In the 1970s, New York's highest court, in cases known as the Berenson decisions, established rules for what constitutes exclusionary zoning. Westchester's municipalities either voluntarily or through legal challenges have complied with these judicial rules. Any local zoning code also remains open to legal challenge. There are long-standing legal standards by which local zoning is judged and continually reviewed.

As required by HUD, Westchester County analyzed all 853 local zoning districts in February 2012. It found no evidence of exclusionary practices based on race or ethnicity. The county's conclusion was supported in a separate analysis by John R. Nolon, an affordable-housing expert at Pace University's Land Use Law Center.

HUD rejected the findings and cut off $17 million of federal funds to the county. The county prepared seven additional analyses, each one exploring more data as demanded by HUD. But as many times as HUD attempted to move the goal posts, the findings did not change. There is no evidence that zoning requirements on things like building size and height are racially exclusionary.

Last month HUD finally demanded—without presenting any facts—that the county accept its conclusion that there is exclusionary zoning in Westchester as a condition of releasing the funds. The agency's demand flies in the face of the July 31 "report card" issued by James E. Johnson, the federal monitor hired by HUD to oversee its 2009 affordable housing settlement. Mr. Johnson found no evidence of exclusionary zoning based on race or ethnicity.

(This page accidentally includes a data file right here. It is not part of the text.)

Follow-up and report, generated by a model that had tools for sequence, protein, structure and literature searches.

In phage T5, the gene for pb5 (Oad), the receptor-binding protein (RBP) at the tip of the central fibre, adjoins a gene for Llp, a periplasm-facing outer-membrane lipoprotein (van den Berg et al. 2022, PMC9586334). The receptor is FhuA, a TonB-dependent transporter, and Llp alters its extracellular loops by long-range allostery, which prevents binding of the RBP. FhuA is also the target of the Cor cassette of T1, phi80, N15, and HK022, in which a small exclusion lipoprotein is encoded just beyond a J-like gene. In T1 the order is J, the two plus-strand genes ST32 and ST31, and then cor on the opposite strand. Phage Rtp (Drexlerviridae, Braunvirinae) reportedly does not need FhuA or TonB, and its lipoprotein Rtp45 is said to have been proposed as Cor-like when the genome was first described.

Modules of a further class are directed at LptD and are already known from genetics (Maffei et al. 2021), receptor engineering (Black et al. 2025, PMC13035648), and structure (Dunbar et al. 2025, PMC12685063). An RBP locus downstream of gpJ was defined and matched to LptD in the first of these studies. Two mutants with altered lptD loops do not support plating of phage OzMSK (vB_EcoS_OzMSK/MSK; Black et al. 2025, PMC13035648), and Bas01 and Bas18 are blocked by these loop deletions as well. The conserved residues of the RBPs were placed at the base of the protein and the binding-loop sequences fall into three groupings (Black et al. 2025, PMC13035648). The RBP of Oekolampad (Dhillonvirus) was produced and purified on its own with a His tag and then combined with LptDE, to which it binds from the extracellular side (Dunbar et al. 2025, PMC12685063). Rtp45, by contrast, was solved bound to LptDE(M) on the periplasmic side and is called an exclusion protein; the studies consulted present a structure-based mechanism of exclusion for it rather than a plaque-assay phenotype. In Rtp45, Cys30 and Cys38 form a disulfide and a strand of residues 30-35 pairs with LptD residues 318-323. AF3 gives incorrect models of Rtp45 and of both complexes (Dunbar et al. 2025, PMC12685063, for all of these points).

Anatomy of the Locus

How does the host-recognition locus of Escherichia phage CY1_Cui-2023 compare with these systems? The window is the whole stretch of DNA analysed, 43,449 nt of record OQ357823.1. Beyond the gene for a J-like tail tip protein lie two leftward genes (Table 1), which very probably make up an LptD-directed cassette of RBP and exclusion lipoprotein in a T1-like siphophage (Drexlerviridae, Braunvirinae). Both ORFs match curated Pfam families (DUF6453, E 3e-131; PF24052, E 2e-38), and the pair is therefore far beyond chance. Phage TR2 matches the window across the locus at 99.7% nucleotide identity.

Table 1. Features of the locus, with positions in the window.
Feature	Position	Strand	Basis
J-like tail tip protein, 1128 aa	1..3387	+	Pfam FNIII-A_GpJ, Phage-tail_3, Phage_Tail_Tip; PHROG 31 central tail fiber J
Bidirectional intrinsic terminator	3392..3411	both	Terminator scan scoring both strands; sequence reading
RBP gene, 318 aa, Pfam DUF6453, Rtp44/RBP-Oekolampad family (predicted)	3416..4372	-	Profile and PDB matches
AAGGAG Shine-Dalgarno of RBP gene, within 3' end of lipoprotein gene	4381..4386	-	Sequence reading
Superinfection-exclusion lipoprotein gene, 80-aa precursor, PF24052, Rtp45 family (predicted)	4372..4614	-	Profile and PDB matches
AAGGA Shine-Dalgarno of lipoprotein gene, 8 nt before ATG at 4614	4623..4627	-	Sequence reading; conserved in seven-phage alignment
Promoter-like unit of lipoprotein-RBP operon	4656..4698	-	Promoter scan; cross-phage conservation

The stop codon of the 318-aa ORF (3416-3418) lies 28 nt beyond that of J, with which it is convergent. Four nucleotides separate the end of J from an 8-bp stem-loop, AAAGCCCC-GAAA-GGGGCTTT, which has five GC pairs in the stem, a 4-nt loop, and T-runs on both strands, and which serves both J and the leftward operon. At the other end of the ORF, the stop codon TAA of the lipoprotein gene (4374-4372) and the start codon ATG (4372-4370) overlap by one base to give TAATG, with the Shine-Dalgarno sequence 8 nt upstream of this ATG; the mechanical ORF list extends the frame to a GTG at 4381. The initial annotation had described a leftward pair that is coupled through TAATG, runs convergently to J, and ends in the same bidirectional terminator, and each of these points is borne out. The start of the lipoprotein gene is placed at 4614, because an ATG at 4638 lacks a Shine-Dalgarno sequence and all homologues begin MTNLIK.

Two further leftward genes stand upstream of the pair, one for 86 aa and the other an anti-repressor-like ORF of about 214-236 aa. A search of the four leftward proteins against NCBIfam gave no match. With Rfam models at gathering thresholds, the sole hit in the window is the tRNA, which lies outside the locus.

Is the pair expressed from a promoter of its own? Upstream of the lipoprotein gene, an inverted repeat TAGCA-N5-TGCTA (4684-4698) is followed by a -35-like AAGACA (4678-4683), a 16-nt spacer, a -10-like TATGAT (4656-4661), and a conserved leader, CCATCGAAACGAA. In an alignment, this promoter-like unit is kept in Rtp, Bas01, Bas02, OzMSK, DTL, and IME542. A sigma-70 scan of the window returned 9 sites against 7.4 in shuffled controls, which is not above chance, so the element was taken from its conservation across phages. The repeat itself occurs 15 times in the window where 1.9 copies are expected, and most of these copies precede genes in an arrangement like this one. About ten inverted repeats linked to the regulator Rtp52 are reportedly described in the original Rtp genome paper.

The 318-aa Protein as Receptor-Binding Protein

Westchester is proudly the fourth most diverse county in New York in its population of African-Americans and Hispanics. Hispanics are the county's fastest-growing ethnic group, increasing in every community in the last census. The number of African-Americans continues to grow in contrast to an exodus from many areas in the Northeast. But HUD won't budge. Its vision for remaking neighborhoods depends on gaining control of local zoning.

The $17 million that HUD is withholding include Community Development Block Grants to help needy residents with neighborhood revitalization, new playgrounds and sidewalks, programs to prevent homelessness and, ironically, affordable housing. Westchester has sued the federal government to release these funds. Our claim is that HUD is unfairly holding hostage the communities and nonprofit agencies that administer those programs in its fight with the county. A federal judge dismissed Westchester's claim last month, saying HUD's ruling was written in a way that "excludes it from judicial review." The lawsuit is now before the Court of Appeals for the Second Circuit.

HUD has no idea how much its new rule will cost, or whether it will even work. The only economic analysis HUD has provided concerns how much it will cost communities to comply with the paperwork. HUD estimates $3 million to $9 million. The agency has not published any estimate of other effects, such as on local real-estate markets or local budgets. As stated in the Federal Register, "HUD cannot quantify the benefits and costs of policies influenced by the rule."